Synchronism of X-Rays to Visible Light
in an X-Ray Free Electron Laser"
Bernard W. Adams,
Argonne National Laboratory
The study of
ultrafast elementary processes in solid-state physics, chemistry, and atomic
physics will play a major role at the x-ray FEL (XFEL) sources that are soon to
come on-line. The visible/infrared pump, x-ray probe technique will play a
prominent role in these studies.
unresolved problem is that of synchronizing the pump and probe radiation to the
few-femtosecond level, i.e. better than the jitter of hundreds of femtoseconds
introduced in the radiofrequency accelerator structure of the FEL.
proposed here  obtains intense femtosecond pulses of x-rays and
infrared/visible light from the same electrons in an XFEL undulator, and
therefore circumvents the problem of having to synchronize two independent
sources. It combines the recently proposed technique of emittance slicing 
with the concept of coherence enhancement of transition undulator radiation (TUR)
, which is most intense in the near-infrared region.
emittance-slicing technique, the emittance of an electron bunch is modulated in
such a way that only a few-femtosecond slice is of sufficient quality to support
self-amplified spontaneous emission (SASE). In the present proposal, the
emittance contrast leads to a contrast in the electron-beam divergence, which,
affects the number of electrons contributing the highly collimated TUR visible
to a given observer. Thus, a coherence enhancement (CTUR) of TUR is achieved at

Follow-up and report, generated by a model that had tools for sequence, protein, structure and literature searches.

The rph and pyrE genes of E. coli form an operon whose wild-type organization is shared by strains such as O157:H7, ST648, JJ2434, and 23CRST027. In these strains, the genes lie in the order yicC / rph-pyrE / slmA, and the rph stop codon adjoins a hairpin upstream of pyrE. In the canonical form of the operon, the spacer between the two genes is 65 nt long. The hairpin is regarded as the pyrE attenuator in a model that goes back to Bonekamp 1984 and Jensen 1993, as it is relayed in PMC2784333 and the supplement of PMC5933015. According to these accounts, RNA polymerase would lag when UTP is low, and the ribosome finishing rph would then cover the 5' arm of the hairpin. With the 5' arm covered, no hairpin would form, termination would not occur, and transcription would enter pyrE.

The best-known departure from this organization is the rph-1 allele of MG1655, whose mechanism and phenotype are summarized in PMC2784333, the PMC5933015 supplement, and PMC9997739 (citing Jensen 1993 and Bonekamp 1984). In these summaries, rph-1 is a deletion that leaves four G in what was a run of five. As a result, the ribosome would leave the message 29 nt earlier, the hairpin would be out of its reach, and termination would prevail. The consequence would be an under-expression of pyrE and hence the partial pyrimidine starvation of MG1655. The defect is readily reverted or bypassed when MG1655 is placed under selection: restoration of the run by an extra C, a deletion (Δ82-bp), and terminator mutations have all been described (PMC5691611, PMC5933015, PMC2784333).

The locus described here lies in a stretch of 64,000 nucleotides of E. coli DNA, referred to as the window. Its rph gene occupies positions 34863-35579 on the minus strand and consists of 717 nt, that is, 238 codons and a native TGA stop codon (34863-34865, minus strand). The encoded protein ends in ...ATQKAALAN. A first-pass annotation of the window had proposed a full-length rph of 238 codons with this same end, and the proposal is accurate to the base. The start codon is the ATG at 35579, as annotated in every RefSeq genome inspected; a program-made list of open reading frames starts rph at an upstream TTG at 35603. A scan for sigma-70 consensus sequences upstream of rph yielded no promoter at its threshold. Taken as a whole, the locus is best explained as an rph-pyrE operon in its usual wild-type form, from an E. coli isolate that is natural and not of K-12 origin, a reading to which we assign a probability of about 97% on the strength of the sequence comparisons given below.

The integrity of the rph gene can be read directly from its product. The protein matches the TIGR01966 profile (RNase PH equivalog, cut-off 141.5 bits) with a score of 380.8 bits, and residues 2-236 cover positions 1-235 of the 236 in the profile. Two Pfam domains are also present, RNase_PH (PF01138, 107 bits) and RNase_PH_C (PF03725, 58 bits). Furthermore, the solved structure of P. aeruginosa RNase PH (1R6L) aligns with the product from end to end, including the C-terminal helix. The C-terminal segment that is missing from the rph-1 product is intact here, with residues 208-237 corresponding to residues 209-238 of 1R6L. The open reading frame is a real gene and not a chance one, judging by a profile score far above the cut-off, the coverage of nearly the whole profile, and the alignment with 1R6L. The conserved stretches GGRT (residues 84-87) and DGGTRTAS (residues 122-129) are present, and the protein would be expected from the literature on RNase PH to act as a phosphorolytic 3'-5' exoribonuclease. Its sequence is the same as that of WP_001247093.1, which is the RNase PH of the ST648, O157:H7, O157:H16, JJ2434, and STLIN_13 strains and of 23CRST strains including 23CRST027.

wavelengths equal to, or longer than, the length of the slice in the electron
bunch, i.e., femtoseconds, corresponding to micron wavelengths.
purposes of infrared CTUR generation, the emittance contrast introduced in the
original emittance-slicing proposal  is not sufficient. However, using
secondary electron-scattering foils, it is possible [1,4] to increase the
emittance contrast to the required level. Originating from the same electrons
in the same undulator, the x-rays and infrared light are perfectly
synchronized. With the beam parameters of the LCLS, the pulse energy of the
CTUR is about 100 nJ in a single optical cycle of 1-micron light.
In addition to
the fundamental concept, the talk will address issues arising in the integration
into an XFEL facility, such as placement of secondary scattering foils, direct
use of the CTUR for pumping vs. cross-correlation with a short-pulse laser, and
scanning delays. Furthermore, a possible use of CTUR for the purposes of
diagnosing the SASE process is discussed , and the importance of the velocity
term in the Lienard-Wiechert fields is discussed .
 B.W. Adams, Rev. Sci. Instrum. 76, 063304 (2005)
 P. Emma et al., Phys. Rev. Lett. 92, 074801 (2004)
 K.-J. Kim, Phys. Rev. Lett. 76, 1244 (1996)
 B.W. Adams, Rev. Sci. Instrum. 78, 123302 (2007)
Wednesday, April 1, 2009
p.m. - 4:30 p.m.
CEBAF Center, Room F113
Talk Slides: (Slides)
For more information, please contact Dr. Alex Bogacz or Anne-Marie Valente.